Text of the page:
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Centenary reflections

Chris Fautley reports on a an exhibition celebrating 100 years of tabloid news

Harriet Quimby should have been famous. When, on April 16, 1912, she became the first woman to fly an aircraft across the English Channel, she should have been front-page news. Yet her achievement almost became a non-event. Quimby's great misfortune was to make history the day after Titanic sank; it was that story that filled the newspapers. Her story is revealed in Exclusive! Tales from the Tabloid Front Line - a Science Museum exhibition to celebrate the Daily Mirror's centenary. It vividly illustrates the exhibition's claim that "reporters write the first draft of history".

In recent years, almost every aspect of life has been affected by new technology - and nowhere more so than in Fleet Street. Exclusive! uses the centenary as a launch pad from which to plot changes in newspaper production. Each stage of the process is examined, with areas devoted to printers, editors, reporters, photographers, the newsroom and technology.

Obsolete equipment, such as old printing cylinders, wireless telegraphy apparatus, teleprinters, glass-plate negatives and tickertape machines are displayed alongside their 21st-century counterparts. "Now and then" photographs, together with quotes from staff past and present, are a clever way of comparing the old and the new.

Exclusive! also reveals how innovative and tenacious Fleet Street has been over the years, especially during the restrictions of wartime. Indeed, some of the best human-interest stories actually involve the reporters and photographers - the remarkable lengths to which one photographer went to get a picture of murderer Dr Crippen being arrested in 1910 is a case in point.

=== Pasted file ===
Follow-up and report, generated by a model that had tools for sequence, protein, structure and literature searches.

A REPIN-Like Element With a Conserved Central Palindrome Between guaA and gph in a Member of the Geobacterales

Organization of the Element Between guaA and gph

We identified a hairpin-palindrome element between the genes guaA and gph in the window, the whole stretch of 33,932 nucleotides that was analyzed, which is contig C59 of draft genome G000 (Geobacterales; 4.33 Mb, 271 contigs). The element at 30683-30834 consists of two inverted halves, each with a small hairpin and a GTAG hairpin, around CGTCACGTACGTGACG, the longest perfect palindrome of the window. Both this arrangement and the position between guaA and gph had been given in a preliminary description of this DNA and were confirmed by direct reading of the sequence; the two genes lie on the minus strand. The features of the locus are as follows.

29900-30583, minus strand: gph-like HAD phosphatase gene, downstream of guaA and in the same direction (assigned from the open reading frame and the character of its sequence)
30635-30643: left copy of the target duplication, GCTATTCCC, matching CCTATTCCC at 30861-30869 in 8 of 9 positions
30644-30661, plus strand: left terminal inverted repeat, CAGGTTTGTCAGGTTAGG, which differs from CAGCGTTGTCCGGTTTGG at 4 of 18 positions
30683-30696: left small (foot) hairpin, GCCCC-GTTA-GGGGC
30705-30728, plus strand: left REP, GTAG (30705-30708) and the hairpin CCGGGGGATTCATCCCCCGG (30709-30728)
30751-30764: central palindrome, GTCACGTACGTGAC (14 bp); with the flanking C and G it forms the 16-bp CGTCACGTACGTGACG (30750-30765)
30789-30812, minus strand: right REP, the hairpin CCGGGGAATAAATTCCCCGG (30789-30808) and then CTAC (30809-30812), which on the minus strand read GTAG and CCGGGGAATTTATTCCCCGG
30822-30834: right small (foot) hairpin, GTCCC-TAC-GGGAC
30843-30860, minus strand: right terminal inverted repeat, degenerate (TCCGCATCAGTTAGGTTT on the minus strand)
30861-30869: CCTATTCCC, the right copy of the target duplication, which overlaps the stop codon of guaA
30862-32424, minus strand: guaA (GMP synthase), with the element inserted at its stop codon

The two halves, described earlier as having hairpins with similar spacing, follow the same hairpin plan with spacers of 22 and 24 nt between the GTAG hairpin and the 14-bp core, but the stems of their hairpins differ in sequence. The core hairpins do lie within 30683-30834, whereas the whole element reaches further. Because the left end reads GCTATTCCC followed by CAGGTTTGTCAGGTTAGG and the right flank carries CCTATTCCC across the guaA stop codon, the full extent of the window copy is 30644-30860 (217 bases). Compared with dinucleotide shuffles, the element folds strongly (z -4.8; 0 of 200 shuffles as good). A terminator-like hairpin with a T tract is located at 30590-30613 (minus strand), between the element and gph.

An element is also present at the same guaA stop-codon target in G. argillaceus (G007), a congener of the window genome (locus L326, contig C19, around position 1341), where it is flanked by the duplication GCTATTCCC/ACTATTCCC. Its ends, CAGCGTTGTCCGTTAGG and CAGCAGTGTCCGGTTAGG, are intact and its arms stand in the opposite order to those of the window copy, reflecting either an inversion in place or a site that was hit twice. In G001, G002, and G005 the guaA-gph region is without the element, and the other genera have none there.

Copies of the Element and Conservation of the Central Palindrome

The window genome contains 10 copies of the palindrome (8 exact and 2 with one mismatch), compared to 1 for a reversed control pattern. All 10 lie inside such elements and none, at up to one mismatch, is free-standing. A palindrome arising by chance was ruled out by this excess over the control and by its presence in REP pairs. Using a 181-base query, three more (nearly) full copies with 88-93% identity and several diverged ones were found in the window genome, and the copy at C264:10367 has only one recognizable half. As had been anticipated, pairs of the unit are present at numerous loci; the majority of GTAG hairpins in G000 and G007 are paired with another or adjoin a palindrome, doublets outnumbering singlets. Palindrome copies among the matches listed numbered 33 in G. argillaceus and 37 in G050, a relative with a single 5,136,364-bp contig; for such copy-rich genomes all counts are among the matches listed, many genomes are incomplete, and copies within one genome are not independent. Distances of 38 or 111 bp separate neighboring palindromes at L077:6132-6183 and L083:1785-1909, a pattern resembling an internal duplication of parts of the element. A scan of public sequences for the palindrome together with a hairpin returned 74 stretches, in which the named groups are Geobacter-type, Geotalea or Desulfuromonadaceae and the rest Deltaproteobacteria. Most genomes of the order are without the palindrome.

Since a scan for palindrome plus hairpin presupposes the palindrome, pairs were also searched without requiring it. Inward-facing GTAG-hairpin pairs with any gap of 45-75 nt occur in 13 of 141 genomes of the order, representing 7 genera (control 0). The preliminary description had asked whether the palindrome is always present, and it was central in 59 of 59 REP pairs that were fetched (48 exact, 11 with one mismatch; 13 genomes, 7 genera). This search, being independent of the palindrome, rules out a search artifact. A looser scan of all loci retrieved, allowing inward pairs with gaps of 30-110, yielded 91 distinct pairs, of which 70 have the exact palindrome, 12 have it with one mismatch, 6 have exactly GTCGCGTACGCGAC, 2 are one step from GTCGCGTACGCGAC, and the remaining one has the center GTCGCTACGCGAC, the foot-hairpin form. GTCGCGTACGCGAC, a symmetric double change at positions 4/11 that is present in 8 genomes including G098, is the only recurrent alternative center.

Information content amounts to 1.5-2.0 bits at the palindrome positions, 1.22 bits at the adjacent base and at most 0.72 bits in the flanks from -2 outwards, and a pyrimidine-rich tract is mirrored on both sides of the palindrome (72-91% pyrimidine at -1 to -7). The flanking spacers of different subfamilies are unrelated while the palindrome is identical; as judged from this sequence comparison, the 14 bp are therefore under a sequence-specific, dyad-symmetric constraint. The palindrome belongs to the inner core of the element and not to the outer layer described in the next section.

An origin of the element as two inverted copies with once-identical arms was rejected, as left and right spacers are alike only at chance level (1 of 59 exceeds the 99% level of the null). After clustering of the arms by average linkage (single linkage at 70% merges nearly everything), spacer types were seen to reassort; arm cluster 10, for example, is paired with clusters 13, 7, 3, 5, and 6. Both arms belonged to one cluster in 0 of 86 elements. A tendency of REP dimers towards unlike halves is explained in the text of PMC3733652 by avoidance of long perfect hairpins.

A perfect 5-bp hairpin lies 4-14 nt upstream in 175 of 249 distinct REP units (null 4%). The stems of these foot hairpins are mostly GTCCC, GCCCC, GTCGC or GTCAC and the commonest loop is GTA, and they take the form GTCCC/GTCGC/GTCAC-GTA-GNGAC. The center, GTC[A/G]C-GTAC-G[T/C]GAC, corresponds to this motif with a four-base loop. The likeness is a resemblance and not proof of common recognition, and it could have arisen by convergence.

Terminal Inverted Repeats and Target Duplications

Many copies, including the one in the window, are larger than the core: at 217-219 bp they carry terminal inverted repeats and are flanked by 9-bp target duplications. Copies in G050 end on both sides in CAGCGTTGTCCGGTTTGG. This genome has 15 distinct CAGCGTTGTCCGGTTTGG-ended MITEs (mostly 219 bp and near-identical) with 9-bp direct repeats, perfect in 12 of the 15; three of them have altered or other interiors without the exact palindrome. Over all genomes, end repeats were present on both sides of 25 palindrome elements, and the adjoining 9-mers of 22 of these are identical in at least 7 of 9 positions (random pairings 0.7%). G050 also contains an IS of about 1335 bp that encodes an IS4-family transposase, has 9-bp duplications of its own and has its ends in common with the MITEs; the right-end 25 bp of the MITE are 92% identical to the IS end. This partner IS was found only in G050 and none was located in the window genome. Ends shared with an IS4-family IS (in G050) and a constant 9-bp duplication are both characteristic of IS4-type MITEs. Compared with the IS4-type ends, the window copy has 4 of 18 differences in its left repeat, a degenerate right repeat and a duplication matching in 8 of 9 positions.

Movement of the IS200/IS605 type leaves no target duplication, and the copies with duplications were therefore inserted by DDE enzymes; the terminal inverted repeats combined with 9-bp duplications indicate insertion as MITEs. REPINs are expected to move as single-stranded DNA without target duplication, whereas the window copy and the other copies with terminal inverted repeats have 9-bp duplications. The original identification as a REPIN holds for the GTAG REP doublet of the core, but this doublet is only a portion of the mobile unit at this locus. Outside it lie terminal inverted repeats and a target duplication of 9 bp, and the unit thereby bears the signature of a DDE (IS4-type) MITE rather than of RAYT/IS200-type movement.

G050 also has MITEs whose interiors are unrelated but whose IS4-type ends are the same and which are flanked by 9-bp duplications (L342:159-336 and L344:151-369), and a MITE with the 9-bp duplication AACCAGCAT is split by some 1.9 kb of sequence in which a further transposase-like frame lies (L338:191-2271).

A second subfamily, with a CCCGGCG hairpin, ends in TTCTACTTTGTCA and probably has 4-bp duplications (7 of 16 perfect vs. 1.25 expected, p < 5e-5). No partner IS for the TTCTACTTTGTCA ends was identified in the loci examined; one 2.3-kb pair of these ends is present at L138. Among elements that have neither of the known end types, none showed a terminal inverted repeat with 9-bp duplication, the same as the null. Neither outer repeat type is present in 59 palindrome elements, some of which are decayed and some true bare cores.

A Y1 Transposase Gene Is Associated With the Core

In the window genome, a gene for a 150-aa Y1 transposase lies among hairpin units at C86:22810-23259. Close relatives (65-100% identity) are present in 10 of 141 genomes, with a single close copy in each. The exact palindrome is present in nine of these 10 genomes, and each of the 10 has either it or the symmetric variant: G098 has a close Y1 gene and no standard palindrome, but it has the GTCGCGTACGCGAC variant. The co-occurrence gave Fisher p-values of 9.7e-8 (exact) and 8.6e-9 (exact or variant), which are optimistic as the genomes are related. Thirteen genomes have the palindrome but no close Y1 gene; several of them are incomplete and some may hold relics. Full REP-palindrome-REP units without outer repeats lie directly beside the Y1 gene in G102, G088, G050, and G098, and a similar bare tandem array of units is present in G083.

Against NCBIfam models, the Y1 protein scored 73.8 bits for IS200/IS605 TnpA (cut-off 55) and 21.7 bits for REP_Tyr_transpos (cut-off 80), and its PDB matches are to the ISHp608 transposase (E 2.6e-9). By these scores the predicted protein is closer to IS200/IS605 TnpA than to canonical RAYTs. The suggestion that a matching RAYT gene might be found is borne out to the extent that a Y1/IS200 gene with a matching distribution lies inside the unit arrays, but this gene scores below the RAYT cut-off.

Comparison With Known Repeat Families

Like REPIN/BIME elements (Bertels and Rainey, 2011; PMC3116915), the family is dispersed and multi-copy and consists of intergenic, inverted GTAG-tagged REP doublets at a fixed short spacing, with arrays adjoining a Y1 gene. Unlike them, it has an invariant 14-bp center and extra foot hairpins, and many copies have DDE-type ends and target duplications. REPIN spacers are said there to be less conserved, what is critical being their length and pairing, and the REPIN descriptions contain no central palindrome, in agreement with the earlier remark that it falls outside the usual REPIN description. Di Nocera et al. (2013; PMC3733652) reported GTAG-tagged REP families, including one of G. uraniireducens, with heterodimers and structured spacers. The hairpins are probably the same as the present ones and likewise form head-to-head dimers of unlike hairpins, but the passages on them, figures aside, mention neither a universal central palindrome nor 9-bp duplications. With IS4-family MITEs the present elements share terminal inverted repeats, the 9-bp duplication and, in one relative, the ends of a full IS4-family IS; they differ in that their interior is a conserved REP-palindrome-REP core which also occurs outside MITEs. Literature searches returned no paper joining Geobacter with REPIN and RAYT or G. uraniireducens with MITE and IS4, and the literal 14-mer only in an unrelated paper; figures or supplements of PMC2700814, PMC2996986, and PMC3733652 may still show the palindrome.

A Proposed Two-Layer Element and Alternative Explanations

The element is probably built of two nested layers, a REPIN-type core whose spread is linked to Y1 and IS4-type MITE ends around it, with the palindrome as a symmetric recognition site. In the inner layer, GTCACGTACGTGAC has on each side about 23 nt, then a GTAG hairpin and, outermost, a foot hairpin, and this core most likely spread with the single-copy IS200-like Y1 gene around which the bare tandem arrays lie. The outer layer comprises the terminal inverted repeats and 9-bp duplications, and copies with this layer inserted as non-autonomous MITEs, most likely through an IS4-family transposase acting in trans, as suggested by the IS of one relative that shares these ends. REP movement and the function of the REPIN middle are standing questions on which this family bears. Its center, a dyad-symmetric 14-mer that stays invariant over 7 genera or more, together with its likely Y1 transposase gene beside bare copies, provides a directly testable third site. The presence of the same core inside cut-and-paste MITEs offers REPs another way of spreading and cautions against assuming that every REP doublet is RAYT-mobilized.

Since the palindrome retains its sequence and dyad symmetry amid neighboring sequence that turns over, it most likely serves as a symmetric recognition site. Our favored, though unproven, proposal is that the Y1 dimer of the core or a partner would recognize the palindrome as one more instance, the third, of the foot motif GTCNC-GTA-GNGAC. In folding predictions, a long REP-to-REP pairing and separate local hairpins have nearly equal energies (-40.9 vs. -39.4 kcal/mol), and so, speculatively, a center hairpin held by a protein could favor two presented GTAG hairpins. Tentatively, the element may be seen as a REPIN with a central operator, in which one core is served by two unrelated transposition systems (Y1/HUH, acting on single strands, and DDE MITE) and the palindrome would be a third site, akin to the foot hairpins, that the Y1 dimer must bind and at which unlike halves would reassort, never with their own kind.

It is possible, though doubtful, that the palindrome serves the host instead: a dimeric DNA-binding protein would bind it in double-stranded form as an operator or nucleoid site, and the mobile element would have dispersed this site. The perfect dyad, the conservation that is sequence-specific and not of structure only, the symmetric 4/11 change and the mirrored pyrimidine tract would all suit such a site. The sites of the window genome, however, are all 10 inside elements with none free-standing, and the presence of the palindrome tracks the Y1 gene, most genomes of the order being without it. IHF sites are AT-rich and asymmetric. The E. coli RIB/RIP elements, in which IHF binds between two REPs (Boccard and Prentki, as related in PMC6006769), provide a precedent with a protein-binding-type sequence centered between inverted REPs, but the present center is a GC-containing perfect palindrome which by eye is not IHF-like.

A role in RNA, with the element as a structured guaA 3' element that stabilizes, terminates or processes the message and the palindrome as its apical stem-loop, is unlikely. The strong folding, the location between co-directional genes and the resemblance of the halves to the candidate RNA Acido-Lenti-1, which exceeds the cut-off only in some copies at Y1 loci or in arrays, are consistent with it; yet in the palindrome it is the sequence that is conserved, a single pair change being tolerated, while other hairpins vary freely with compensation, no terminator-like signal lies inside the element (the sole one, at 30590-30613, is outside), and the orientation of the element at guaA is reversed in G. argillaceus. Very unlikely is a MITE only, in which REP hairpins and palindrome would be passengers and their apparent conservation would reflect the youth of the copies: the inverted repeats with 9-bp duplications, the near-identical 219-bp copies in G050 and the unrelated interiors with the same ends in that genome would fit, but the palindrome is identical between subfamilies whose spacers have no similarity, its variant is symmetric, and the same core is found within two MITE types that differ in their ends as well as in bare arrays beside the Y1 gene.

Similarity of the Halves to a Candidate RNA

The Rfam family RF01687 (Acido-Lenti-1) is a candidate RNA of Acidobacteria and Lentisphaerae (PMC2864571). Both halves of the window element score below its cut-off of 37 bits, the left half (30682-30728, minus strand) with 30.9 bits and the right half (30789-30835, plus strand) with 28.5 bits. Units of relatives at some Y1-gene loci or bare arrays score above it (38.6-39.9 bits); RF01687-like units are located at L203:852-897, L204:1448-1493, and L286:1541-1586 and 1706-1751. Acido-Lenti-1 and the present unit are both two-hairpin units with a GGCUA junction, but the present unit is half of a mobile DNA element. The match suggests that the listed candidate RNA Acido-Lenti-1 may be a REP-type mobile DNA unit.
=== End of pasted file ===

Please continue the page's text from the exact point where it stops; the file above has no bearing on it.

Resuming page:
Nevertheless, in an age dominated by microchip technology, it is almost reassuring to discover that some things have not changed. Page layouts are still drafted by hand on, yes, paper. "Cut and paste" is an age-old process: pages were "constructed" by having stories literally cut out and glued on to them. A mock-up page could be several millimetres thick.

Nor is the exhibition short on surprises. Digital photography? Nothing new at all. Check out the example from 1923 when the Mirror and the New York Daily News experimented with transatlantic picture transmission.

Exclusive! is very much a thinking person's exhibition and will be of most benefit to students at KS3 and above. Even the interactive exhibits require quick thinking. If you wish to discover how a newspaper is produced to excruciatingly tight deadlines, the Print Works game is a must. Using a touch screen, the aim is to produce 2.4m copies in one night. It must be as difficult as the real thing. The executive editor role-play is even better: produce a circulation-boosting front page within production deadlines by choosing the correct story; then create an eye-catching layout and headline, cope with delayed pictures and consider late-breaking news.

Real-life efforts are displayed in more than 100 blow-ups on the gallery walls: "Fire Wrecks Crystal Palace"; "Hitler Dead"; Profumo Quits"; "Man Walks on the Moon". Sarah Leonard, the museum's education manager, suggests using them as discussion points. Pick a favourite; identify its message; analyse the headline's power; discuss the message it seeks to portray. Other subject ideas include: * History: consider how and why events have been interpreted as they have (consider the Quimby story).

* ICT: contemplate the effect of technology on newspaper production, and how news reaches us.

* Citizenship: discuss how information is provided and how it affects opinion.

* Media studies: talk about changes in the industry, producing circulation-boosting stories, and exactly how a newspaper is produced.

Exclusive! Tales from the Tabloid Front Line is at the Science Museum until April 25. While you are there, check out the printing and paper-making gallery. Admission is free but school parties must book in advanceTel: 020 7942

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